Marvelous piece in the current Adoremus Bulletin by the Guido Marini of the Western Hemisphere, Fr Scott Haynes of the Canons Regular of St John Cantius.
Go read the whole thang...
The serious study of the liturgical music of the Catholic Church — namely Gregorian Chant, polyphony and those modern forms of music that are consonant with the Church’s liturgical spirit and tradition — is of utmost importance in the education of a Church musician.
Catholic musicians must revere the treasury of sacred liturgical music. As the philosopher Dietrich von Hildebrand observed, we should “fear to abandon the prayers and postures and music that have been approved by so many saints throughout the Christian era and delivered to us as a precious heritage. The illusion that we can replace the Gregorian chant, with its inspired hymns and rhythms … betrays a ridiculous self-assurance and lack of knowledge”.
The constant teaching of the Magisterium, underlined in the teaching of Vatican II, has reiterated that Catholics should receive the Sacred Liturgy, with its renowned tradition of sacred music, as food for the soul.
As French Cistercian Abbot Dom Jean-Baptiste Chautard wrote, “The Church uses her chant and her ceremonies to appeal to the sense faculties, and to reach, through them, the souls of her children more fully, and to give to their wills a more effective presentation of the true goods, and raise them up more surely, more easily, and more completely to God”.
By analogy, as a child embraces the spoon that his mother puts into his mouth, he savors the food that his mother has prepared for him. In like manner, as children of the Heavenly Father, we too must earnestly hunger for the milk of our Holy Mother the Church, the truths of our faith that are lovingly prepared for us in the Eucharistic Banquet, so that fortified by all that is true, good and beautiful, our hearts, minds and voices might harmoniously resound with the voice of our Mother the Church, and return a joyful song unto the Lord.
When we have this sort of disposition, then we can come to know what the psalmist calls “the beauty of holiness” (Ps 29:2). The Divine Liturgy is the consummation of love between Christ and His Church, between Bridegroom and Bride, which is filled with song and replete with melody.
Because the liturgy peels back the veil of time so that we might come to see the Lord face to face, the formation of Church musicians cannot be limited to the study of theory, history or to the perfection of musicianship. Pastoral musicians must be drawn into an intimate contact with the Word of God, both through the Sacred Scripture and ultimately through the Holy Eucharist.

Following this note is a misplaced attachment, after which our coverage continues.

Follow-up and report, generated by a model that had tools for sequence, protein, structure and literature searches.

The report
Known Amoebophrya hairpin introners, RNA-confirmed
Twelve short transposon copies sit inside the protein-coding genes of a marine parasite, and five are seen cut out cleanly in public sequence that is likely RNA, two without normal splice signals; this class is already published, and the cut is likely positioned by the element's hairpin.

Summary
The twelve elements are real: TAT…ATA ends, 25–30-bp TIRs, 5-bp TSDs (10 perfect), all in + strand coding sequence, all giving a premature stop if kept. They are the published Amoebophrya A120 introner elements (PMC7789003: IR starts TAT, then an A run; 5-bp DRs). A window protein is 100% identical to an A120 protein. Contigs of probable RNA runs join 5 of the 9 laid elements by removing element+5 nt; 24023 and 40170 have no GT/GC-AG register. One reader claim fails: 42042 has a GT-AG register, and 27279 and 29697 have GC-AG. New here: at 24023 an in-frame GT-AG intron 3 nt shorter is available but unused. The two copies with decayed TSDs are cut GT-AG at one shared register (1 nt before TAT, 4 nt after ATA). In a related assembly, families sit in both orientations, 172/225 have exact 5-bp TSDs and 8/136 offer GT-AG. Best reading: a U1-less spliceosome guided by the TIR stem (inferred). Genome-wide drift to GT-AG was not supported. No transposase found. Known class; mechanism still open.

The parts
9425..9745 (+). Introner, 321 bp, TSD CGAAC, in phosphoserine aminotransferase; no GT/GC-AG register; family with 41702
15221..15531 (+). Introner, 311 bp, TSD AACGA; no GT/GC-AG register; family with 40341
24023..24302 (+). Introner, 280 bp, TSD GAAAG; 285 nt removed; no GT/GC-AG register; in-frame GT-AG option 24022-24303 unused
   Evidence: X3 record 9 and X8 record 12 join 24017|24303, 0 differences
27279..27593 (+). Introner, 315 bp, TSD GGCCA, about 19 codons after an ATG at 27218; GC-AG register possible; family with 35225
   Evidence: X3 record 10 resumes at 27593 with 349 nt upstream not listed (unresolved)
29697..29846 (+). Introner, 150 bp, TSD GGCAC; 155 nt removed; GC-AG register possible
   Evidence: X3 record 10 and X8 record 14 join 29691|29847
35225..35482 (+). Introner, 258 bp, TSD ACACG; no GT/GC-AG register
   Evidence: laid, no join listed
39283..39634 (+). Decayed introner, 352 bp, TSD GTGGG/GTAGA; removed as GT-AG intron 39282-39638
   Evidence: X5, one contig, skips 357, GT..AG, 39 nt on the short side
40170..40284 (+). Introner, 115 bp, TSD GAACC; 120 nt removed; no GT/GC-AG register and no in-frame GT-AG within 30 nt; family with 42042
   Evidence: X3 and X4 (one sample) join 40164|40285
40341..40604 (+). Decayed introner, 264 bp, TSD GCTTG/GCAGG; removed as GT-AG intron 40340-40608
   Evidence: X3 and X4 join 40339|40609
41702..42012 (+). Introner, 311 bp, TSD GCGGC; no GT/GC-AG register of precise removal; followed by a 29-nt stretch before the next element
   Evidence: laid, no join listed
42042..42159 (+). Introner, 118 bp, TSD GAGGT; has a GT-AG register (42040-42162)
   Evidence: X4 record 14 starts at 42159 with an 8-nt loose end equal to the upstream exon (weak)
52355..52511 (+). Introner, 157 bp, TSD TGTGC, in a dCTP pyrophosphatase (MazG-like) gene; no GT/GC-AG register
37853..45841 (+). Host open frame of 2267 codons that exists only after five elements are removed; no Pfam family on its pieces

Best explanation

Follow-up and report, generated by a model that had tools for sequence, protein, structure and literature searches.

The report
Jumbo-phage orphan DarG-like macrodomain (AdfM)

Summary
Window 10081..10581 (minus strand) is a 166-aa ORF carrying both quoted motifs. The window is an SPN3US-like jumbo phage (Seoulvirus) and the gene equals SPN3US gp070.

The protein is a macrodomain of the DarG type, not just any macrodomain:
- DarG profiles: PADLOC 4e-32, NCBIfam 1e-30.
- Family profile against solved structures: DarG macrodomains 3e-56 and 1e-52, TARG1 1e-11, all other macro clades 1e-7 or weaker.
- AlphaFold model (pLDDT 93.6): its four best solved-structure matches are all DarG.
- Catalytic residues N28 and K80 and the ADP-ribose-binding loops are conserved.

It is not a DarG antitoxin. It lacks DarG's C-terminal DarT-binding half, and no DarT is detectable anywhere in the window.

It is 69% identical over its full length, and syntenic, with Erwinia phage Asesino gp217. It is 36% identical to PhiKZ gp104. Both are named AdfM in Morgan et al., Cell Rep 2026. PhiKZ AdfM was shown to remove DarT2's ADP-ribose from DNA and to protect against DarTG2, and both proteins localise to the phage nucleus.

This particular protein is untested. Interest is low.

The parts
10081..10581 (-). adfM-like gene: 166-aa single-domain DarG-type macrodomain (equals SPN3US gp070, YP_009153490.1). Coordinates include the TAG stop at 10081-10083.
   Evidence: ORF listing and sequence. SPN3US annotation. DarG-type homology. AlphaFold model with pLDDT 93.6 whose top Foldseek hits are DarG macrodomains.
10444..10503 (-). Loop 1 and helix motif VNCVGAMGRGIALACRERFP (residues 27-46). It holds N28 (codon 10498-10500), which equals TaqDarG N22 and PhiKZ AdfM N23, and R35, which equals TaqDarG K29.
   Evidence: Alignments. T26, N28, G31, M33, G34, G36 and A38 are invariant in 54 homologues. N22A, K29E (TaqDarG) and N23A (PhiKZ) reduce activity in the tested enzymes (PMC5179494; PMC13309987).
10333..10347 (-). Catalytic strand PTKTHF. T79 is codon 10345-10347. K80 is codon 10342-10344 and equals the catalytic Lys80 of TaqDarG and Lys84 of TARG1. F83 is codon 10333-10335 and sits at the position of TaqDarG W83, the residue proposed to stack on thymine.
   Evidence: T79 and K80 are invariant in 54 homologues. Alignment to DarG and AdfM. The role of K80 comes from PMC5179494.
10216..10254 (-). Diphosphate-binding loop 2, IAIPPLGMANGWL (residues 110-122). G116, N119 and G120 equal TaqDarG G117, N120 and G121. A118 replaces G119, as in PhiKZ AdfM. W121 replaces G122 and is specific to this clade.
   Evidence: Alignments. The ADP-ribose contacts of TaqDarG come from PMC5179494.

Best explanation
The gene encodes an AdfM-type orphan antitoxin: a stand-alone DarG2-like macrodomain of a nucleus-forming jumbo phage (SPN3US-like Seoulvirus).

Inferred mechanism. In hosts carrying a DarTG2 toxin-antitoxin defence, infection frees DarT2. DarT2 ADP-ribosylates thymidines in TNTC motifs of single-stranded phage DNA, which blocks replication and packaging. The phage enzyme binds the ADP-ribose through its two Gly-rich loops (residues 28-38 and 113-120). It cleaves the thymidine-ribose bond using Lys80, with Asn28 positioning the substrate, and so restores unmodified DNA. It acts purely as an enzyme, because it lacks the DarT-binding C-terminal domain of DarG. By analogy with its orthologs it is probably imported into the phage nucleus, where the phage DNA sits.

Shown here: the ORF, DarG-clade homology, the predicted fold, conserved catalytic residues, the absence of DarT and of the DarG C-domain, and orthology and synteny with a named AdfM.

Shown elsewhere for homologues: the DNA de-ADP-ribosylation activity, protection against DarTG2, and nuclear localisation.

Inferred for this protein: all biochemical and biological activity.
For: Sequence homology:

The Word of God must form in us mature Christian wisdom, to give us a relish and taste for the things of God. If we are to have clear perceptions of reality, we must know the eternal value of the Sacred Liturgy. If we can experience the music of the liturgy in this manner, then we follow the axiom based on the thought of Saint Augustine of Hippo, “he who sings well, prays twice”.
To sing well is to sing with a heart that is on fire for God. Our earthly music, no matter how refined it is in our vision, or how imperfect it may be in God’s, will be pleasing to Him only when we truly become mirrors of charity. As Benedictine Father Stephen Thuis wrote in 1952, “It is of interest to note that today we are experiencing a revived appreciation of plainchant. This, then, would indicate … that we are in the midst of a reawakening of the religious spirit”.
Church musicians are exhorted to follow the advice of Pope Saint Pius X, who counseled pastoral musicians, before making music before the Lord, to pray and meditate on the sacred words of the liturgy entrusted to the choir. If the renewal of liturgical music today is to bear lasting fruit, then each of us must cultivate a liturgical piety based on profound and prayerful meditation on the Word.
Listening to God
A very ancient art, practiced at one time by all Christians, is the technique known as Lectio Divina or “divine reading” — a slow, contemplative reading and praying of the Scriptures — which enables the Bible, the Word of God, to become a means of union with God. This ancient practice has been kept alive in the monastic tradition, and is one of the inherent benefits of celebrating the liturgy with Gregorian Chant.
In his rule, Saint Benedict says that the art of Lectio Divina begins with cultivating the ability to listen deeply, to hear with the ear of our hearts. When we read the Scriptures we should try to imitate the prophet Elijah. We should allow ourselves the opportunity to listen for the “still, small voice” of God (I Kings 19:12), which is God’s voice touching our hearts.